Craftsman Style Houses

Kaitlyn Dotson

Craftsman Houses' earthly colors painted on the wooden clapboard or shingled siding mixes well with the stone detail through the exterior of these houses. Exposed beams or rafter tails add character that reflects from the Arts and Craft Movement. Doors and windows on Craftsman style houses are usually multi-paned, with single panes on the bottom and three to six smaller panes arrange on the top. Front porches are really common with these houses, including columns to support the roof. These porches range between covering the entry way to covering the whole front of the house.

History of Craftsman Houses

This style of a house was popular during the 1900s until close to the 1930s. The mid-west and sometimes west coast was the main places for these houses, in the country and city-like suburbs. The Craftsman style houses were common Sears houses, which made it easier for more people to buy. When designing the Craftsman house, Charles and Henry Greene though that details was important but they didn't want to to be as much as the Victorian style homes. These houses were mostly middle-class homes but some were huge houses for the upper-class and same with lower-class, meaning there were houses in the Craftsman style for everyone.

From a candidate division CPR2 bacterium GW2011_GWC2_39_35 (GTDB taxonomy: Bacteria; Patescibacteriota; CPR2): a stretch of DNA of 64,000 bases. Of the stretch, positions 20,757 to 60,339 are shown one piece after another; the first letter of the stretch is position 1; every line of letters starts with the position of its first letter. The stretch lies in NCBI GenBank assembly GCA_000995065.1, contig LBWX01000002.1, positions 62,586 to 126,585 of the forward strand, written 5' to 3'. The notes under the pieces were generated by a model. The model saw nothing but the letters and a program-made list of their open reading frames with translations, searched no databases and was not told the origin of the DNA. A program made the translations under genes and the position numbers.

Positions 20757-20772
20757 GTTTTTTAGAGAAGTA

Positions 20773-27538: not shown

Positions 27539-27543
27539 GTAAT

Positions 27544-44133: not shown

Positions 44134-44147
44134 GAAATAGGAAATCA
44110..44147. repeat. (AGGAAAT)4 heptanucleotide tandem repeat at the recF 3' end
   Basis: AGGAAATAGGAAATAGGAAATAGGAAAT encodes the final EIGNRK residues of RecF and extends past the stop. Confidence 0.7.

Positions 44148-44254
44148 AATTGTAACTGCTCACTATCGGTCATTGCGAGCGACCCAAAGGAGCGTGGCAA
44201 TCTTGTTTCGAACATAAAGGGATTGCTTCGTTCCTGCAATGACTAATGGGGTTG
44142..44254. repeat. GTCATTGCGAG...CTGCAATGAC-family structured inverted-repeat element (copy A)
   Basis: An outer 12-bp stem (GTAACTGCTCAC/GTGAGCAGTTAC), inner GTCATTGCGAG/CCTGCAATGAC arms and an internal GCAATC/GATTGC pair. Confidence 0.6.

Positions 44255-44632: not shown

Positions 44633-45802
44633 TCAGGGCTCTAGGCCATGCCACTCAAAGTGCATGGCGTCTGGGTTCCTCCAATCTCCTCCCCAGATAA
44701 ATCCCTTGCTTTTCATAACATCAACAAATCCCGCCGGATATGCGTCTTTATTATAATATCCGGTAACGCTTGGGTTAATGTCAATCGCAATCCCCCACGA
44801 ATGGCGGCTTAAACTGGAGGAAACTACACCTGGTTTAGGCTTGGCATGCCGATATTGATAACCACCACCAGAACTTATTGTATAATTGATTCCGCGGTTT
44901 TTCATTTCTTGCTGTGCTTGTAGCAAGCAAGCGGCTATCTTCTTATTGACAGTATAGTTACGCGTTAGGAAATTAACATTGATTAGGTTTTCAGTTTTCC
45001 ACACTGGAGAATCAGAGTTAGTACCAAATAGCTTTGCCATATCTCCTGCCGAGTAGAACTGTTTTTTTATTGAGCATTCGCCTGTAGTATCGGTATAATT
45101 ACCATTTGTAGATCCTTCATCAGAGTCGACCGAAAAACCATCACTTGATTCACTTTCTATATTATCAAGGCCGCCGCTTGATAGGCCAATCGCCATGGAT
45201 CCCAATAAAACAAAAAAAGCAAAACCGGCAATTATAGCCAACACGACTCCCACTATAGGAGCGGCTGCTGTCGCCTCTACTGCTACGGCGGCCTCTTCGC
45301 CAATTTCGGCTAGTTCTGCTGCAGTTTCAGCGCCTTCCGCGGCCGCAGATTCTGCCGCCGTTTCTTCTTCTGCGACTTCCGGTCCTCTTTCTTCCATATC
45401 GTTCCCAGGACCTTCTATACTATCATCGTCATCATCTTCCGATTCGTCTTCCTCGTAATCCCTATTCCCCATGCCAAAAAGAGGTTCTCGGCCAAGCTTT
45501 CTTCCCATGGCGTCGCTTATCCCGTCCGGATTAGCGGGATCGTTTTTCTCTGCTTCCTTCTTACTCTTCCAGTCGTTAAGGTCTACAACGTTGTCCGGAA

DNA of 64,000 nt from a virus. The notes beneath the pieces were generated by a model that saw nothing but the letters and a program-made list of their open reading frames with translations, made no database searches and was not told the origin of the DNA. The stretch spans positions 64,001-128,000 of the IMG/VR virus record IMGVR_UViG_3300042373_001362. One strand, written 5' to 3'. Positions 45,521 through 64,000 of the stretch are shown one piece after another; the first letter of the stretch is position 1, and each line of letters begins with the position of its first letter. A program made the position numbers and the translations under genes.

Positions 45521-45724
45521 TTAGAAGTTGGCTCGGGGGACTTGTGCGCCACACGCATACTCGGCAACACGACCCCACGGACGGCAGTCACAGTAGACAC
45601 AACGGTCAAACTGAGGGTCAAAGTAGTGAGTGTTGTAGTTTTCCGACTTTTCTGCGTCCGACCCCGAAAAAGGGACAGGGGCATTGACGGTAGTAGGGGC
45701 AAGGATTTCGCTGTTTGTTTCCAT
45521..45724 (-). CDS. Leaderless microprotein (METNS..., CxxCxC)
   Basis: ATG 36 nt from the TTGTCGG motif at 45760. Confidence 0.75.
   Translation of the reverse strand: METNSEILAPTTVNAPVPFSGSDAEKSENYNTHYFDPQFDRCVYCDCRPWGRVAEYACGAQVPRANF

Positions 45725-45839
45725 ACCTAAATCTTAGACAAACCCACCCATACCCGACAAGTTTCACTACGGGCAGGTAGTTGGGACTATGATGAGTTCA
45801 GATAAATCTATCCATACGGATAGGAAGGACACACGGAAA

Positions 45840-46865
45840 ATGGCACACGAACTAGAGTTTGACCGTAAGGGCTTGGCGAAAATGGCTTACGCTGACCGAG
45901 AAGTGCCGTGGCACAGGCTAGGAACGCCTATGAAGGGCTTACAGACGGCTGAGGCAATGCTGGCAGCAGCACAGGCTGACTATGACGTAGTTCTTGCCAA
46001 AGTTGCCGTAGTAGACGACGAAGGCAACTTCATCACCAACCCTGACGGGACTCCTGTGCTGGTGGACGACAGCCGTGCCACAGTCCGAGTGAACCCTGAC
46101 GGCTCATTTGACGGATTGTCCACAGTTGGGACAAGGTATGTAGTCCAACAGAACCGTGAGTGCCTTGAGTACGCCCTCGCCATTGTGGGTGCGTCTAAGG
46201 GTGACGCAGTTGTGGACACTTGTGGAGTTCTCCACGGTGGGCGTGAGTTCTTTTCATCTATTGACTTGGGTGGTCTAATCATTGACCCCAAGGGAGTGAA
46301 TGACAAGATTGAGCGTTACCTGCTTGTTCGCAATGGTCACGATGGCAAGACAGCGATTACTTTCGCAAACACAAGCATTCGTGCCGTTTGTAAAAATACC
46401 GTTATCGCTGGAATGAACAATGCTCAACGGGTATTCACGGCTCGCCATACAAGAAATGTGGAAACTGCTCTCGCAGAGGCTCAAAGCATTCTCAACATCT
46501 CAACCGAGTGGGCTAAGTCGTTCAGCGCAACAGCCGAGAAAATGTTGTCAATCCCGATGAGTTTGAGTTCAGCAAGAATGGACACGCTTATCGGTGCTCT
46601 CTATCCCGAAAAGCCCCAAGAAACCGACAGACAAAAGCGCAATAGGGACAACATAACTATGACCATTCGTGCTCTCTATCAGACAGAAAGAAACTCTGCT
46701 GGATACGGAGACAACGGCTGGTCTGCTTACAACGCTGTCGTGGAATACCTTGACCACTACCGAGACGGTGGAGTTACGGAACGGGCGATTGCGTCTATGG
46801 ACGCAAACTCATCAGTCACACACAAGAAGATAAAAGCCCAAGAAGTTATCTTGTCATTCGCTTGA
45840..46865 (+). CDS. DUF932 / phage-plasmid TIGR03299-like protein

Common Materials to Build a Craftsman


  • cedar singles/clapboard
  • certain stones or bricks- depending on what they want
  • Thick trim for borders around windows/doors
  • columns to bring it all together
  • rafter tails and beams